Quake Toll in Italy Rises to at Least 235

2 Found Alive as Aftershocks Continue

The Group of Eight summit is taking place in L'Aquila, a town still shaken by aftershocks from April's brutal earthquake - Italy's worst in 30 years - and full of criticism that the meeting will disrupt rebuilding efforts.
By Steve Scherer and Flavia Krause-Jackson
Wednesday, April 8, 2009

ONNA, Italy, April 7 -- The death toll in Italy's deadliest earthquake in almost three decades exceeded 200 as aftershocks continued to rattle the region.

Monday's quake in the province of L'Aquila, about 60 miles northeast of Rome, left at least 235 people dead, with 15 still missing, officials said. One thousand people were injured, 100 of them seriously.

A 98-year-old grandmother was found alive Tuesday after being buried for 30 hours. A young girl was pulled alive from rubble after 42 hours, according to the ANSA news agency. Four students were found dead in the rubble of a collapsed dormitory building, Sky TG24 television reported.

The government said Monday night that reconstruction will cost about 1.2 billion euros, or almost $1.6 billion. Prime Minister Silvio Berlusconi said the cost would be "several billion euros."

"We have the resources needed for reconstruction, including European funds, and we need to move quickly to avoid the problems of wasteful or slow spending that we've seen in past interventions," Interior Minister Roberto Maroni said.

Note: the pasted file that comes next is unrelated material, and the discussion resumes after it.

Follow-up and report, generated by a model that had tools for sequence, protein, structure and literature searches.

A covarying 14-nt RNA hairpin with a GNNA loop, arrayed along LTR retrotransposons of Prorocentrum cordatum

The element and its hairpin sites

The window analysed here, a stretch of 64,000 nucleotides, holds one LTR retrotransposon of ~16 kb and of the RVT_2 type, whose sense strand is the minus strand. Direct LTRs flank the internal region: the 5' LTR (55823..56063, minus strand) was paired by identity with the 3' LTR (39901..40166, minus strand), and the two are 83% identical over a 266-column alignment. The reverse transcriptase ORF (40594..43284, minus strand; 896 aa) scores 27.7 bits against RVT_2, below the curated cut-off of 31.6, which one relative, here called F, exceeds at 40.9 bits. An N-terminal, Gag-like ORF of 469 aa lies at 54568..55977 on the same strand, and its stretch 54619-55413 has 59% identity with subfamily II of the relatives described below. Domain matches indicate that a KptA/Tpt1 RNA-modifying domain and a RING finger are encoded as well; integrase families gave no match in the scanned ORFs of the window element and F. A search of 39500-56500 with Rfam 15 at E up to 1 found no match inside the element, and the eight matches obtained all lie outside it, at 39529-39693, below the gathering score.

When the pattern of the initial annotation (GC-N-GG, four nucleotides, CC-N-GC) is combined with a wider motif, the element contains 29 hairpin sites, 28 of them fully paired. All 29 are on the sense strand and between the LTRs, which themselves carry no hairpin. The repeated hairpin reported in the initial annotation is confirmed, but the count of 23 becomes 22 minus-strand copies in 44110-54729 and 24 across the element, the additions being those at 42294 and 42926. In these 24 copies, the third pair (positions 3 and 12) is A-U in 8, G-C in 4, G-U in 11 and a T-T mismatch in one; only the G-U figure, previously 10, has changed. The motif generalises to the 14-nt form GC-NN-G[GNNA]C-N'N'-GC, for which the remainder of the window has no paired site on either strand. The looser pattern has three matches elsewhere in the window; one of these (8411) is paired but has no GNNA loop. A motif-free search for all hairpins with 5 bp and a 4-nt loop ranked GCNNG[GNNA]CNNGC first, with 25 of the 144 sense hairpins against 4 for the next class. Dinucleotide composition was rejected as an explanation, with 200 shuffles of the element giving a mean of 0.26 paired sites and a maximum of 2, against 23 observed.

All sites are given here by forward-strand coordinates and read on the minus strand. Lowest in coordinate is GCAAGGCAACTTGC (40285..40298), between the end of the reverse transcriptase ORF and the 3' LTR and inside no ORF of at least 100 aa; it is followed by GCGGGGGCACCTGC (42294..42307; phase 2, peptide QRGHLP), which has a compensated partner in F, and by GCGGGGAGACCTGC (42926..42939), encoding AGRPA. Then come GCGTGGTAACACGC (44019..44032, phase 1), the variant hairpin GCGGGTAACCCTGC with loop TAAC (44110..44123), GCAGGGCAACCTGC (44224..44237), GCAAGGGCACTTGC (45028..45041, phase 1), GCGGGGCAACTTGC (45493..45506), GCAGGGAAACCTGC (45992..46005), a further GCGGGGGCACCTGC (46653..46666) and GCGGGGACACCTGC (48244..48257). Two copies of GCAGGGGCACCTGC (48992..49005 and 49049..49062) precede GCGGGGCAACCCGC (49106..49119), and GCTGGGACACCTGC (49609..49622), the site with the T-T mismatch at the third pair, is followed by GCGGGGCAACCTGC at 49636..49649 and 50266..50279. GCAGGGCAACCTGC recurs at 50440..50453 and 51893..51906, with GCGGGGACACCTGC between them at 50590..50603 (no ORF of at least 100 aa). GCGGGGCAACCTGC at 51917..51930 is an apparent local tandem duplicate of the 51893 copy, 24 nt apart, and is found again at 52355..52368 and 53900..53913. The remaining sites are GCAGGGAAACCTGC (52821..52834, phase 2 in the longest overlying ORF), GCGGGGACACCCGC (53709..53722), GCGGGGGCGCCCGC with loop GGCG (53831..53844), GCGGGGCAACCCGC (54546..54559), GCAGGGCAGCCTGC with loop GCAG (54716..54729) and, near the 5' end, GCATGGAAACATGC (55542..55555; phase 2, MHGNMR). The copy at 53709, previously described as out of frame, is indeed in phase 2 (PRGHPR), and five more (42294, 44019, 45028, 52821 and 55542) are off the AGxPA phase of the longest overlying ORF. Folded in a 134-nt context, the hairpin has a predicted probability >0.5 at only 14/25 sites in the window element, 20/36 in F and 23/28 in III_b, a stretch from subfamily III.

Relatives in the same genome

About 100 people have been pulled from the wreckage, and Berlusconi said rescue efforts would continue for 48 more hours.

In the hard-hit town of Onna, east of L'Aquila city, Daniele Brunetto, 64, was rescued from his balcony by neighbors, along with his dog Tyson, named after the American boxer Mike Tyson. Brunetto said he was born in New Jersey and moved to Italy 30 years ago. Brunetto, his T-shirt crusted with dried blood, his head bandaged where he had been struck by falling plaster and concrete, choked back tears and called himself lucky.

"Many others -- my friends and my family members -- died," including two teenage nieces, he said. His daughter Valentina, 28, and her mother, Lucia Colajanni, 62, were on the third floor of their building when half of their house collapsed. They climbed down a cable strung from the window with the help of neighbors.

"We lost our house, but we kept our lives," Colajanni said as she held her left arm in a sling.

Falling temperatures, rain and aftershocks that threatened to cause further building collapses complicated efforts overnight as rescuers used dogs to try to find those buried across the region, which has a population of 300,000. Temperatures fell to 39 degrees in L'Aquila, dipping to near freezing at higher altitudes.

The area has been rattled by more than 200 tremors since the main 6.3-magnitude quake Monday. On Tuesday evening, a tremor measured by the U.S. Geological Survey at 5.6 sent people fleeing from damaged buildings in L'Aquila and shook buildings in Rome, the Associated Press reported.

Emergency services erected hundreds of tents, with beds for more than 4,000 people, and hotels in the area made more than 13,000 beds available to survivors from a quake that left at least 17,000 people unable to return to their homes.

Thirty-five countries, including the United States, have offered aid, but Berlusconi has declined the support for now, saying Italy could handle the disaster.

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